Justin Houston suffered from an unfair shadow of his own making

DENVER, CO - NOVEMBER 27: Outside linebacker Justin Houston
DENVER, CO - NOVEMBER 27: Outside linebacker Justin Houston /

The Kansas City Chiefs released Justin Houston on Sunday, a superstar defender whose reputation suffered from his own shadow.

I can’t shake the notion that Justin Houston somehow deserved better than this.

It’s not just the end result, the release of the veteran pass rusher from the only team he’s ever played for, the Kansas City Chiefs. It’s also not just the timing of it all, a cold goodbye that will go down as one of dozens of moves conducted during one of the two or three busiest times on the NFL’s transaction wire.

Instead, I can’t help thinking that Justin Houston has deserved better for some time now, a player who has long stood in the shadow of his own making.

* * *

It wasn’t Justin Houston’s fault that John Dorsey wanted to wait.

After the conclusion of the 2013 season, the first for Andy Reid in Kansas City, the Chiefs were an ascending young team. Dorsey and Andy Reid had gone from picking first in the previous NFL Draft to the postseason and Chiefs Kingdom was excited. The defense was a particularly bright spot, and it featured one of the NFL’s brightest young pass rushers in Houston, who had just set a career-high with 11 sacks—in only 11 games.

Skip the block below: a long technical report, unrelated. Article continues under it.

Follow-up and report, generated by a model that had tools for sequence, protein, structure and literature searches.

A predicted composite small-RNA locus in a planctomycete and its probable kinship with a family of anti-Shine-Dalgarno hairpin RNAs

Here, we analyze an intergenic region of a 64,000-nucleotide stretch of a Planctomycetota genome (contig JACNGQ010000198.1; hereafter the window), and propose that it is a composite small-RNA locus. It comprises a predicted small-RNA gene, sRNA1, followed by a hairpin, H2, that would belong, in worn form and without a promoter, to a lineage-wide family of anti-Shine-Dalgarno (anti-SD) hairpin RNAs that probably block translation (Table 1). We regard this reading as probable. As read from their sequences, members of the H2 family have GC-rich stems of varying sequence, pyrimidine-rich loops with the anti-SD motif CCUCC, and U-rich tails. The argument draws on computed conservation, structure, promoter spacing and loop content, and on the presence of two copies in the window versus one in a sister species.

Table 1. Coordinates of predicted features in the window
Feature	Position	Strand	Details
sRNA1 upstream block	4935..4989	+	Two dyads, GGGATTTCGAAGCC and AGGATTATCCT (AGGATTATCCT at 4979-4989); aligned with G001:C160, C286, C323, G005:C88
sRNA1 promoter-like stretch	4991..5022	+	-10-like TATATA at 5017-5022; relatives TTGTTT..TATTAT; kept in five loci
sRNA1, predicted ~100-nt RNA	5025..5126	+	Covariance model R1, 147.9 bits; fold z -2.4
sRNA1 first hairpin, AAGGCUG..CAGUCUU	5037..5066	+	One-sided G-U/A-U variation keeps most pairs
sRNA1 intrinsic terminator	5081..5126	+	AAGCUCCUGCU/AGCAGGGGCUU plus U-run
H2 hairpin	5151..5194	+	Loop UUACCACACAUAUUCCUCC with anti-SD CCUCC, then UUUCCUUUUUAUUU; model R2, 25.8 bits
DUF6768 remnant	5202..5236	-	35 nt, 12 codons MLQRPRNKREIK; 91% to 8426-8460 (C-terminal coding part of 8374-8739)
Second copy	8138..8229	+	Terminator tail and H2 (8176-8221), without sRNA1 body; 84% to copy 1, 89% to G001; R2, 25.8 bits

Houston made it clear that season that he was one of the NFL’s rarest assets: a consistent pass rusher. He was also closing in on the end of his rookie contract. The question was there as to what the Chiefs might do.

John Dorsey decided to wait. Houston made him pay. Literally.

The next season, Houston responded with a season for the ages. It’s a frustrating slight that J.J. Watt ended up winning NFL’s Defensive Player of the Year in 2014 because Houston not only turned the proverbial corner but rocketed far beyond any expectations with an incredible 22 sacks in 16 games. Pro Football Focus credits Houston with 87 total quarterback pressures that year, including 56 hurries beyond the sacks.

During the previous season, Houston had missed 13 tackles. In 2014, that total was down to 4. Houston had done the work and he was duly rewarded.

By the time the Chiefs signed Justin Houston to a long-term extension in July, 2015, a contract that weighed in at a hefty six years at $101 million, Dorsey explained his patient approach. In quotes to reporters, Dorsey applauded Houston’s growth as both a leader in the locker room and as a run defender on the field. He was no longer just a pass rusher. He was an elite all-around defender.

“I just think that when you have a player of this magnitude, you have to do a deal of this magnitude,” said Dorsey at the time.

Chiefs fans would forget that truth over the ensuing years.

* * *

If numbers were plants, the figures “22” and “101 million” have blossomed into shade trees that have loomed over Houston in the years since signing the deal.